In the sweaty, overcrowded, but buzzing upstairs of the Wheatsheaf pub, seven people have just come bounding on to the stage in black attire, jumping around to ‘Let’s Get It Started In Here’. It could only mean one thing, that’s right, it’s Monday night, 8pm, and Oxford’s acclaimed improvised comedy troupe, The Oxford Imps, have come to provide an expectant crowd with two hours of laughs. This is no mean feat by anyone’s standards, but considering past achievements include selling out at the Edinburgh Fringe Festival, it’s no surprise that the audience laughed the whole two hours.
A lot of people in Oxford think they are funny, and some are, but more often than not jokes, sorry, banter, will tend to veer towards gags which only speakers fluent in the wondrous Oxford tongue will understand. Whilst much hilarity can indeed be found in Oxfordy in-jokes, an over indulgence in them can make the already tight Oxford bubble into something of a social noose back home. The Imps therefore choose to stay away from the “Blues humour” which can be as limiting as it is grating. Limited is not a word that could ever be attributed to a troupe which opens its arms wide to the audience for suggestions to guide the subject of each new scene.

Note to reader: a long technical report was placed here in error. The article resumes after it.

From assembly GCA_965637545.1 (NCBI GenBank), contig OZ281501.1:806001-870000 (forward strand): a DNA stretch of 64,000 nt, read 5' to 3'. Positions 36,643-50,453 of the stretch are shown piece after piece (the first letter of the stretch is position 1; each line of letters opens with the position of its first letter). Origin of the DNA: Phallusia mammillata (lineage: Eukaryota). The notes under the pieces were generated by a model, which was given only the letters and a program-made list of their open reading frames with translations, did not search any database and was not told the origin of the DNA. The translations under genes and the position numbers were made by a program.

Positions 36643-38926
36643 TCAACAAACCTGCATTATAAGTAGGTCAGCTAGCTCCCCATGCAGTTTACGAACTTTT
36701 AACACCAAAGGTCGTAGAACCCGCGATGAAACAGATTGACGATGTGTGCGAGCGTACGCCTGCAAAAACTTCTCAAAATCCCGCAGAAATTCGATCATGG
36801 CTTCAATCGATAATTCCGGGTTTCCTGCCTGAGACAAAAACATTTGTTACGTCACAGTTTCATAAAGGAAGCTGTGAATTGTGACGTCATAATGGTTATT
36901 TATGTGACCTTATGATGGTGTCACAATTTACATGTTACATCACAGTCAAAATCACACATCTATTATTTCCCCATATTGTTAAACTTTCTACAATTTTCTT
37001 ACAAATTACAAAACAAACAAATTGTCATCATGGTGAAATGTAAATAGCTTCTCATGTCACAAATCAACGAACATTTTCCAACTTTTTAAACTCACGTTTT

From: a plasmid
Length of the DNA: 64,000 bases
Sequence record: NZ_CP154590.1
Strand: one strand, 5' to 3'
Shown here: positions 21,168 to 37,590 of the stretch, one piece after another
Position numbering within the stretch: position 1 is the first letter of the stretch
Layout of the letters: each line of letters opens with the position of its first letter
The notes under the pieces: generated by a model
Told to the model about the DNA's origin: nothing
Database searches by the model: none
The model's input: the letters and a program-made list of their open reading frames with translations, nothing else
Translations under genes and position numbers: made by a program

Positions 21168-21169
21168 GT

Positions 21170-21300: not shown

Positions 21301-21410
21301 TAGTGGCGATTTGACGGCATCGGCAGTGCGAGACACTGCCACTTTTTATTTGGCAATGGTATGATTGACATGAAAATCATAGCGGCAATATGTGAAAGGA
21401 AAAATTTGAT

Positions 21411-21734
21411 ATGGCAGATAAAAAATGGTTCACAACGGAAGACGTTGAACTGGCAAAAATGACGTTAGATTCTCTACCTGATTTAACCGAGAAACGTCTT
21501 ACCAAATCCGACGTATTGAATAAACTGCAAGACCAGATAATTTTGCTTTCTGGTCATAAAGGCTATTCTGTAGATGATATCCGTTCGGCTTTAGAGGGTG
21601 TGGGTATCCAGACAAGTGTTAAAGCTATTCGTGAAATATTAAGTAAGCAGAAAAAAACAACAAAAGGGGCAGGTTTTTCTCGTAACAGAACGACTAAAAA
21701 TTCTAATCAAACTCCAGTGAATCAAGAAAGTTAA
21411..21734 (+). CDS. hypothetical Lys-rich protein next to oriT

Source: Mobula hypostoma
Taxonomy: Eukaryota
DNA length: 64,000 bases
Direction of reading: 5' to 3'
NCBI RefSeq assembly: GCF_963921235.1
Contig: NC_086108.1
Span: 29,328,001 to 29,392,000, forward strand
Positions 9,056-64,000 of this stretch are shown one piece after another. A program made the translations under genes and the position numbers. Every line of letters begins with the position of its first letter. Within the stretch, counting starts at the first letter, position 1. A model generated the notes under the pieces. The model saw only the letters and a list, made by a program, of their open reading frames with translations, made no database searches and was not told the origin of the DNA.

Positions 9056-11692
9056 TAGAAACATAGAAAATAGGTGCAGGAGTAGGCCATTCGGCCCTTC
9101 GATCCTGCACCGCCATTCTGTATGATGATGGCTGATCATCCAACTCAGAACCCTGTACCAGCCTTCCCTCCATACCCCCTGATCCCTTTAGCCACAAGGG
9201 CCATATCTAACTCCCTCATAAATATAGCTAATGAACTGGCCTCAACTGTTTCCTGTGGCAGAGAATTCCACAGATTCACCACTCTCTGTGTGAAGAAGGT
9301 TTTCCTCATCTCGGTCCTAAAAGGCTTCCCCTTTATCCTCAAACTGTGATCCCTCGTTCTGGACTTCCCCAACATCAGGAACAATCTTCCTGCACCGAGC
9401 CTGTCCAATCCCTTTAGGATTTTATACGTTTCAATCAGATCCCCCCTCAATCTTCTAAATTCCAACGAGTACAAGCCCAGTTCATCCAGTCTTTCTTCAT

After the show, the general response of the audience was, as one first year Maths student put it, that the Imps are “pretty awesome”. However, amongst those new to the Imps, there was also a sense of disbelief that they come up with it all on the spot. Well, having sat in on one of their rehearsals I can confirm that their legitimacy. Unlike some of the stand-up that can be seen around Oxford, or indeed on TV panel shows, the Imps’ funny factor is anchored in them working as a cohesive group, playing off each other rather than trying to play each other, or the audience, down. The night I saw them, one of the best scenes began life as the suggestion of “Russian sheds” from the audience, featuring a brilliant moment where two performers playing a pair of Russians discovered Homebase for the first time. Perhaps you had to be there. But that is the beauty of the Imps; when you pay your £3.50 at the door you know that you be will sitting down, or perhaps standing –it really does get packed – for some comedy that has never been seen or will ever be seen again. You couldn’t write it, and they didn’t.